Compared with the previous year, big businesses’ current profit was inflated by 4.8 trillion yen to 57.6 trillion yen, 2.3 times larger than that in 2012 when Prime Minister Abe made his comeback. The remuneration for each board member was 19.3 million yen a year, up 600,000 yen from a year earlier. Meanwhile, workers’ annual income stood at 5.75 million yen on average, down 54,000 yen from the previous year.

The section about the rise in profits for big businesses under Abenomics resonates because the critique of his first term was exactly that. He benefited Japan Inc and big business.

The United States

Later today we get the non farm payrolls release from the US telling us more about wage growth. But as we stand in spite of the fact the US economy has had a good 2018 so far the state of play is a familiar one.

Real average hourly earnings decreased 0.2 percent, seasonally adjusted, from July 2017 to July 2018.
Combining the change in real average hourly earnings with the 0.3-percent increase in the average
workweek resulted in a 0.1-percent increase in real average weekly earnings over this period.

Indeed if we look back as Pew Research has done we see that real wage growth has been absent for some time.

A similar measure – the “usual weekly earnings” of employed, full-time wage and salary workers – tells much the same story, albeit over a shorter time period. In seasonally adjusted current dollars, median usual weekly earnings rose from $232 in the first quarter of 1979 (when the data series began) to $879 in the second quarter of this year, which might sound like a lot. But in real, inflation-adjusted terms, the median has barely budged over that period: That $232 in 1979 had the same purchasing power as $840 in today’s dollars.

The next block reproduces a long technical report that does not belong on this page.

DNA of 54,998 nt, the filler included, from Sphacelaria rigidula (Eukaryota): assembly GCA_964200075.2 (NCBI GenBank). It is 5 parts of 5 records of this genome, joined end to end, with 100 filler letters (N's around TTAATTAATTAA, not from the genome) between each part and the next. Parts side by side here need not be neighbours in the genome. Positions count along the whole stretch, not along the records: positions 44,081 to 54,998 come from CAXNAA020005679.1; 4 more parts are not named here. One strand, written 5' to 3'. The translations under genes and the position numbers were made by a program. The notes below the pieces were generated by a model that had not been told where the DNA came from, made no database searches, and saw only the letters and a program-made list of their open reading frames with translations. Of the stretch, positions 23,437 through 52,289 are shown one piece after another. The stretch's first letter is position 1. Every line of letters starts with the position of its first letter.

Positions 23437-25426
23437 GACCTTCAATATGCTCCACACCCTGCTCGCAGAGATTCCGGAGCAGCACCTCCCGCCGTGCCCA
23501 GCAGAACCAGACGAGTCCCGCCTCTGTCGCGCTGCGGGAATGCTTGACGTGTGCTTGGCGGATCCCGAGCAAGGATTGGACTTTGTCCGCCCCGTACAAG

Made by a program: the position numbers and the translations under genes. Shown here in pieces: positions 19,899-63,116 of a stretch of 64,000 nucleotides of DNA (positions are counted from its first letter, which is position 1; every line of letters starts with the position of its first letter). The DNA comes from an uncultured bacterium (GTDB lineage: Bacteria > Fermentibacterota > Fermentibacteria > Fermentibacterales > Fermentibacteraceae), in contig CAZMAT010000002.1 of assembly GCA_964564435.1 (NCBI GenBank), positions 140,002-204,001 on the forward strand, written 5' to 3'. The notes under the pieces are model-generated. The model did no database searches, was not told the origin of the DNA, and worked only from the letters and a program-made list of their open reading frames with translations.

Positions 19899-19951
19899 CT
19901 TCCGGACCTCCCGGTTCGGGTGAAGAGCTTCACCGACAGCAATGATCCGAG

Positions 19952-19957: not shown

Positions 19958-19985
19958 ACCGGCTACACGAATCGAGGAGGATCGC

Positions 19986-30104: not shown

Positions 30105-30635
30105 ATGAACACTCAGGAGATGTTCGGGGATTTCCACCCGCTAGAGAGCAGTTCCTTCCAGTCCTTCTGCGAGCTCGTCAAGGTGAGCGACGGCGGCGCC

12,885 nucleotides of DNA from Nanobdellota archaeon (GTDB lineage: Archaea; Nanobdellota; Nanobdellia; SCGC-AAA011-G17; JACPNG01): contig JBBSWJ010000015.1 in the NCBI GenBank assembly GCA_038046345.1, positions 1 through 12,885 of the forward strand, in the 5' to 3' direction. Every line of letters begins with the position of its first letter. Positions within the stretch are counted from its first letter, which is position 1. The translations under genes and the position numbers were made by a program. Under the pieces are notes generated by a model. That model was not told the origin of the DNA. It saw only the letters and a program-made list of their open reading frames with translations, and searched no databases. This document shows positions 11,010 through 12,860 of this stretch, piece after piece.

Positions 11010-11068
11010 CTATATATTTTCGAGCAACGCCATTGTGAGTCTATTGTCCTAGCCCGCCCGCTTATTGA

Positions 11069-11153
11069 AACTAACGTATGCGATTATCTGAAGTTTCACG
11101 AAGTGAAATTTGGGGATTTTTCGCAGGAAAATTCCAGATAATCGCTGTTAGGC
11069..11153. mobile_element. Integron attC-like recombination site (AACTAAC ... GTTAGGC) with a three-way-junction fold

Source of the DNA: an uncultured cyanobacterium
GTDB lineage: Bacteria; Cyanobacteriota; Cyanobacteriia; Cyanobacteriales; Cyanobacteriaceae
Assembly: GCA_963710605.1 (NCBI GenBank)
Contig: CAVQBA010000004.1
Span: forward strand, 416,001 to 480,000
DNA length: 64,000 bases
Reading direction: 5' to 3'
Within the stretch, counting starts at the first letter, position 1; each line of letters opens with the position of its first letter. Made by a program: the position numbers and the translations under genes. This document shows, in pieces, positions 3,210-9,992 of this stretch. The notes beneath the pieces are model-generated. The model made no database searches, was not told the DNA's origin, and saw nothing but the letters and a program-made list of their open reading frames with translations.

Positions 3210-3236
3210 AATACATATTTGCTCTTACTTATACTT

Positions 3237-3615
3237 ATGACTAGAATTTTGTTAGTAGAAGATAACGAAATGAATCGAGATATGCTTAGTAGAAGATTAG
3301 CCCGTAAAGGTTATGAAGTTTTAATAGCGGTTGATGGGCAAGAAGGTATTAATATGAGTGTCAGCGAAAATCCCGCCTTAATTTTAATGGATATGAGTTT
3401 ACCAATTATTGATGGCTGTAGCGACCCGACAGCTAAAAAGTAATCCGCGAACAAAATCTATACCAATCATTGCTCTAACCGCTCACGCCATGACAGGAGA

There have been gains in benefits but not wages over these times.

The Euro area

The Czech National Bank has looked at this and we see an ever more familiar drumbeat.

 In the euro area, nominal wage growth was 1.7% in 2017 Q4, while real wages were broadly flat.

This comes with factors you might expect ( Italy) but also I note Spain which is doing well.

In Italy, by contrast, hourly wages dropped both in nominal terms and in real terms (i.e. adjusted for consumer price inflation). Spain and Austria also recorded wage decreases in real terms.

Also they are not particularly optimistic looking forwards.

However, the wage growth outlooks available for the euro area and especially for Germany do not see wages accelerating significantly any time soon.

We could apply that much wider.


The message today was explained by Bob Dylan many years ago.

There’s a battle outside
And it is ragin’
It’ll soon shake your windows
And rattle your walls
For the times they are a-changin’

The truth is that the economics profession has been slow to realise that not only would the credit crunch reduce wage growth, but that it was already troubled. Only last night in a reply to a comment I referred to Deputy Governor Wilkins of the Bank of Canada spinning the same old song.

Yet, wages were rising less quickly than we would expect in an economy that is near capacity.

The same old “output gap” mantra when in fact the reality is of inflation at 3% and wages growth at 2.5%.

To be fair some places do seem to be adjusting as the Czech National Bank faces up to an issue that the UK economics establishment continually assures us is not true.

Migration from Eastern Europe, Italy and Spain,3 which has increased mainly because of the financial and debt crisis, is playing a major role. Workers from these countries are increasing the labour supply and perhaps exerting less upward pressure on wages than incumbents. ( They are referring to German wage growth).

Some however seem to inhabit an entirely different universe as this op-ed from November last year in The Japan Times shows.

Thinning labor puts upward pressure on wages, increasing living standards……


Let me leave you with an optimistic thought. As I watched the AI documentaries on BBC Four this week I wondered if rather than fearing it we should have hopes for it. Maybe the rise of the machines will be fairer than our current overlords.